Farmers are busy making decisions about fall tillage.
Marla Riekman is a Land Management Specialist (Soil) with Manitoba Agriculture.
"I have been hearing of some people holding off and similarly to last year, there were some people who were holding off a little bit on tillage," she said. "It's always a bit of a tricky one because quite often we get into that mindset that we need to till thinking about what next spring is going to bring in terms of how much moisture there's going to be and if it's wet in the spring, are we going to be upset that we didn't get the tillage done this fall but that is always one of the tricky things because we can't really predict what that weather is going to look like."
Riekman gave an update on soil moisture conditions.
"Right now we're still seeing things look pretty dry. Not necessarily across the western side of the province, there's been a little bit more moisture there, so soil moisture is not quite as dry as we are seeing in the Red River Valley. In our valley soils, where we've got drier conditions on the surface and those heavier clay soils, part of the problem with tilling them when they are dry is that we end up seeing these really big clods and clumps come up and then that's not a great seed bed for next year either which inspires us to do more tillage to try to break that down and so if there is an opportunity for people to think about holding off on tillage, especially in some of the heavier clays or those drier areas, that might be the best time to be thinking about doing it this year."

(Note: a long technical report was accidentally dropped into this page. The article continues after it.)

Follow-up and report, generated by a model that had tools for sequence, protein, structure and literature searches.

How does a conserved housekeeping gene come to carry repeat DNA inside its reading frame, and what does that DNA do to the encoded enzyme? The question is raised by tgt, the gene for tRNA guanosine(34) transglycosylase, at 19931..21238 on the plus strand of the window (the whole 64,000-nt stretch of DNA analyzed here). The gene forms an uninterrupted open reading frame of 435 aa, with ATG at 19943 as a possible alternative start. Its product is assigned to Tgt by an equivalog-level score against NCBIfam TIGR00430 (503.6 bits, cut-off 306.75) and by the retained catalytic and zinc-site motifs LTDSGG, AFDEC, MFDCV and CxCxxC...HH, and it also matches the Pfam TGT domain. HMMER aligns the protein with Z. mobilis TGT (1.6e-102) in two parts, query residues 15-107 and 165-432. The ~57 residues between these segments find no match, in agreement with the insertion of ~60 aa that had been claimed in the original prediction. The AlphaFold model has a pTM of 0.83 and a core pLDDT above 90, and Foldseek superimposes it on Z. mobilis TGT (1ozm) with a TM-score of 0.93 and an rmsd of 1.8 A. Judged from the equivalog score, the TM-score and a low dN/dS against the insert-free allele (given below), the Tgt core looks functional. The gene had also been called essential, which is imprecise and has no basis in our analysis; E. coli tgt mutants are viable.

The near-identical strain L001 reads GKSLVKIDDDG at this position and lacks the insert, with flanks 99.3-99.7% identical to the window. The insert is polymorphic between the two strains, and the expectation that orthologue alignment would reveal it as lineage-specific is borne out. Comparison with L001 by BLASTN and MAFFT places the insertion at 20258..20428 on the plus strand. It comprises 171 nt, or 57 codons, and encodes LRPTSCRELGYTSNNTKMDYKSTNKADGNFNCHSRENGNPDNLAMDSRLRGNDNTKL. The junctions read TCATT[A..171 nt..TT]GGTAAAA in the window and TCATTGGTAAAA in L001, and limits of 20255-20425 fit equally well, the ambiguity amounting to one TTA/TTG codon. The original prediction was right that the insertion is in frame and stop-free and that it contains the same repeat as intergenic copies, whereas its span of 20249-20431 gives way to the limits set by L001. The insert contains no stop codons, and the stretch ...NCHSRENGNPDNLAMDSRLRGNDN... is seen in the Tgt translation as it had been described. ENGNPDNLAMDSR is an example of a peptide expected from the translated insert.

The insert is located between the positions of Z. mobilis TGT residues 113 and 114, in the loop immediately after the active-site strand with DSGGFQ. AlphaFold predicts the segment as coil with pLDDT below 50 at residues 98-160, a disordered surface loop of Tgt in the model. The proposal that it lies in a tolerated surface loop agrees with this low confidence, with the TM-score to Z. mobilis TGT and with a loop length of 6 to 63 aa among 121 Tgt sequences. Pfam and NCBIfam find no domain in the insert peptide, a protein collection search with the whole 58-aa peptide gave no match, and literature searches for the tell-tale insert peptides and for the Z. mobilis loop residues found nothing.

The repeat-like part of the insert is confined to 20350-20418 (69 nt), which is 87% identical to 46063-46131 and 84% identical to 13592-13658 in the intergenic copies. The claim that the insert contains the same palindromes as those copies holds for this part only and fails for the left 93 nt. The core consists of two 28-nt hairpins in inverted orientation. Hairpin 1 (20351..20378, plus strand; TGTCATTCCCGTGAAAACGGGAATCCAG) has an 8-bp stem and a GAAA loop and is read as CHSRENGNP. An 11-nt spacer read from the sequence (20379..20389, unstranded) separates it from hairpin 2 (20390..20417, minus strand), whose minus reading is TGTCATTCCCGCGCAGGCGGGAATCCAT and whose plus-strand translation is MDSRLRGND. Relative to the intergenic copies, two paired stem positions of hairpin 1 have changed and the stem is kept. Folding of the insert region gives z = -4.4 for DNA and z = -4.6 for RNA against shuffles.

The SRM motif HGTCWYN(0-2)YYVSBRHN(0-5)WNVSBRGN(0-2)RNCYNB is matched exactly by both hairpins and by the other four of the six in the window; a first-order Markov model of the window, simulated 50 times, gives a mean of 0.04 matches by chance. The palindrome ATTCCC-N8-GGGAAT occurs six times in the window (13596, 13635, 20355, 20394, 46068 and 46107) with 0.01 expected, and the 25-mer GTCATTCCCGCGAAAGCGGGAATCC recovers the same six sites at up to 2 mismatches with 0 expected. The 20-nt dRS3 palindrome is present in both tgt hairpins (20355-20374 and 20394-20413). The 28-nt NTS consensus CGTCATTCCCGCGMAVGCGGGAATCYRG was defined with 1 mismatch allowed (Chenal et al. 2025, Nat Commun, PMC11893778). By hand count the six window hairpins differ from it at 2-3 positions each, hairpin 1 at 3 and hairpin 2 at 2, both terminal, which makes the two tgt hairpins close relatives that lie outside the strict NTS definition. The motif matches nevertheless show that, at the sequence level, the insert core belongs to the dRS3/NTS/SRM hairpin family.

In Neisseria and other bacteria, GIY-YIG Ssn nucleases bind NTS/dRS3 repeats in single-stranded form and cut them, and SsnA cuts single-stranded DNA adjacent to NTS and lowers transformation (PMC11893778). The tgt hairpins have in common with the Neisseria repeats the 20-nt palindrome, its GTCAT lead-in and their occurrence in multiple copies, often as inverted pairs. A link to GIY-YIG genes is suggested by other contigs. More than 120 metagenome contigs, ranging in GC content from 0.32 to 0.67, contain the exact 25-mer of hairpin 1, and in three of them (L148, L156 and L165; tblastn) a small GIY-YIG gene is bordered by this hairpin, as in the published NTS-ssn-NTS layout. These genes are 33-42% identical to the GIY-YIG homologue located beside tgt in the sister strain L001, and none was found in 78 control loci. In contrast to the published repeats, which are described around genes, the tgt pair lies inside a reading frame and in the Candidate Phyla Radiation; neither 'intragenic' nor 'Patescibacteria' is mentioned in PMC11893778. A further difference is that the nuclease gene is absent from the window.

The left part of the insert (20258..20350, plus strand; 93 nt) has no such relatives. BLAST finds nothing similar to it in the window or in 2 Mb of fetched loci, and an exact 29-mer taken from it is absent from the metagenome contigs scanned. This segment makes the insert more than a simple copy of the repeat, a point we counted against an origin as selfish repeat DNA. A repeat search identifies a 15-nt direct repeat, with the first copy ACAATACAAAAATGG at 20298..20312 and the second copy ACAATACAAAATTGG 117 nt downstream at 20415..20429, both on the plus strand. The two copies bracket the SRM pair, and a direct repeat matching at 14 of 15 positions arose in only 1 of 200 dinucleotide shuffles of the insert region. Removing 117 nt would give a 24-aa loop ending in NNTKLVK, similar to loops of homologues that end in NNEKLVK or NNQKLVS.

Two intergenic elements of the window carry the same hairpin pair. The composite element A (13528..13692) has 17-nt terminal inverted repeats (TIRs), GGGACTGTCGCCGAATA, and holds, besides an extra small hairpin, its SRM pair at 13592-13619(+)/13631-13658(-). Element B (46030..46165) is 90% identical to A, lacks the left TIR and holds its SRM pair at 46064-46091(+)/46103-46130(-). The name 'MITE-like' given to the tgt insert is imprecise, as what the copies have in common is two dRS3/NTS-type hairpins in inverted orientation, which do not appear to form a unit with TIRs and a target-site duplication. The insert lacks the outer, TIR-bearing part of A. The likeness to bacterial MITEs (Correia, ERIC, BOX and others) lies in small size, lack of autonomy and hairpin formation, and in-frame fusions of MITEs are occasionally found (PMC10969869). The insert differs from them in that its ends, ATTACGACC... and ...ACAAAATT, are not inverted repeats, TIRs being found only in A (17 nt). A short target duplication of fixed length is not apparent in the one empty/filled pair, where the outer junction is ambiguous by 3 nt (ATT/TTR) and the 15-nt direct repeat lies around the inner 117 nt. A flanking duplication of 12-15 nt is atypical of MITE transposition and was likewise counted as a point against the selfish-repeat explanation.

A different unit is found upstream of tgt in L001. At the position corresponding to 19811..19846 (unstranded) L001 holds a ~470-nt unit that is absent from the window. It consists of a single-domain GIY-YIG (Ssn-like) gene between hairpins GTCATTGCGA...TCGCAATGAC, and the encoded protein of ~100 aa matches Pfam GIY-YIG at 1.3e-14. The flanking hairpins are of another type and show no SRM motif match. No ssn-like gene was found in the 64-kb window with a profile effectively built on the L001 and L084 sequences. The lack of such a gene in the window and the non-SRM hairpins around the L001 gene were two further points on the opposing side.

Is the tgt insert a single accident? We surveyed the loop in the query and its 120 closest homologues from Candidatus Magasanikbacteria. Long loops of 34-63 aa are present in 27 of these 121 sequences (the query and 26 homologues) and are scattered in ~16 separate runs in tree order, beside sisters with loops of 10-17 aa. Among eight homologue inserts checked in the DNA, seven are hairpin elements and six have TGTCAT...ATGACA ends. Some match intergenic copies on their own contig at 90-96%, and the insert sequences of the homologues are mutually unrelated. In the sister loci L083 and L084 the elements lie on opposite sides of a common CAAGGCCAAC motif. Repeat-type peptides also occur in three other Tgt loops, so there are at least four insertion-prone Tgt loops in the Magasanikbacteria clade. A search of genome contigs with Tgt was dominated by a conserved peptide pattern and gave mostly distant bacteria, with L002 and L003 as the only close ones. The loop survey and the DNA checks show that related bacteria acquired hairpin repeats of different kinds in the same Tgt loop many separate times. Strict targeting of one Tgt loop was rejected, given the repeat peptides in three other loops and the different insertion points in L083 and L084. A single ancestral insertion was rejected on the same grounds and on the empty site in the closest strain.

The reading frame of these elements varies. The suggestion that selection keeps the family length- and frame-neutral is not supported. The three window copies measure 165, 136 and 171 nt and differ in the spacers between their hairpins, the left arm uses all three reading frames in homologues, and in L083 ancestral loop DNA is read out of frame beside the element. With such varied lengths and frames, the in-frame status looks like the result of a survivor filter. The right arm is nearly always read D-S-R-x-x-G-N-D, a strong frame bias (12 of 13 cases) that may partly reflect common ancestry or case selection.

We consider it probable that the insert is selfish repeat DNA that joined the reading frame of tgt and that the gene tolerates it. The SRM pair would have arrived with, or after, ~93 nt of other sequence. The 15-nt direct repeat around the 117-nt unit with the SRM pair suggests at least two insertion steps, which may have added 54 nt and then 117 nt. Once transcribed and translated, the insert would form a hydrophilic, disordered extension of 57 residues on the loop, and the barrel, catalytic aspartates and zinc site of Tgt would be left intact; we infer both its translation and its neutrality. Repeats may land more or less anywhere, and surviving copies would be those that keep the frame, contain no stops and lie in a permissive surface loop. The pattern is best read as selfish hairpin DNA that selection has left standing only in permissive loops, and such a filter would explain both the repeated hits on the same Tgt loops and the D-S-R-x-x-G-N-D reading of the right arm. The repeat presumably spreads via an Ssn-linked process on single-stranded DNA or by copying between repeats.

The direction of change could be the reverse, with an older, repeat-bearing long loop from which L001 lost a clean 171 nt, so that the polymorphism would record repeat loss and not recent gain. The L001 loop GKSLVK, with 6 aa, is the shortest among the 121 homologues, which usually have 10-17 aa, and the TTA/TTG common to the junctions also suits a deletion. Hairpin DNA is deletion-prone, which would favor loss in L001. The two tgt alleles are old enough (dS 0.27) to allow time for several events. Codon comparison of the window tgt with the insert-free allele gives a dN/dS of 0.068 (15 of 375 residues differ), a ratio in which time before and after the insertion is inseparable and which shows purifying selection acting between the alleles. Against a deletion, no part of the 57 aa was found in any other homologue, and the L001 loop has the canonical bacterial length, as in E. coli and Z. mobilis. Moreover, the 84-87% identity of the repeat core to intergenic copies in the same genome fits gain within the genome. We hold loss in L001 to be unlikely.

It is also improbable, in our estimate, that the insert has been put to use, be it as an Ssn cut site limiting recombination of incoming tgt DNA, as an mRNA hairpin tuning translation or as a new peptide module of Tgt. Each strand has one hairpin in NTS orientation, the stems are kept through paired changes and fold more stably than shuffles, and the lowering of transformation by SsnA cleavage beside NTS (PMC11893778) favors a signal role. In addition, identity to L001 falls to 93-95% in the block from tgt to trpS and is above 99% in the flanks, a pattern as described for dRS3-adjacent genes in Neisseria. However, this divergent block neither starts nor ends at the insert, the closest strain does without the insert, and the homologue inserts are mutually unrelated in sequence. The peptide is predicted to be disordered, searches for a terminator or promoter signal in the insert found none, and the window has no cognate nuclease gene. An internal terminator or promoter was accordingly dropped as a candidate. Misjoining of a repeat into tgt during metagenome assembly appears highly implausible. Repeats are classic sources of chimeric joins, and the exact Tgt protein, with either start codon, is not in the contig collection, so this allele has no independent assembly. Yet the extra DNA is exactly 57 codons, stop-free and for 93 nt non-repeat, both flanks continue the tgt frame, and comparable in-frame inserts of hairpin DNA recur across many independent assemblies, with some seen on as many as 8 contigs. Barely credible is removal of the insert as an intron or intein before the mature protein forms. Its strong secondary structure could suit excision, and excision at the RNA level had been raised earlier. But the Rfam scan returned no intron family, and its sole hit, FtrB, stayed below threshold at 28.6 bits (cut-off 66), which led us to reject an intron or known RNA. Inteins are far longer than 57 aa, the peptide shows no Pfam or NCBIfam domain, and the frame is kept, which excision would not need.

She says wind erosion could become a concern in the spring if fields are over tilled in the fall.Click here to see more...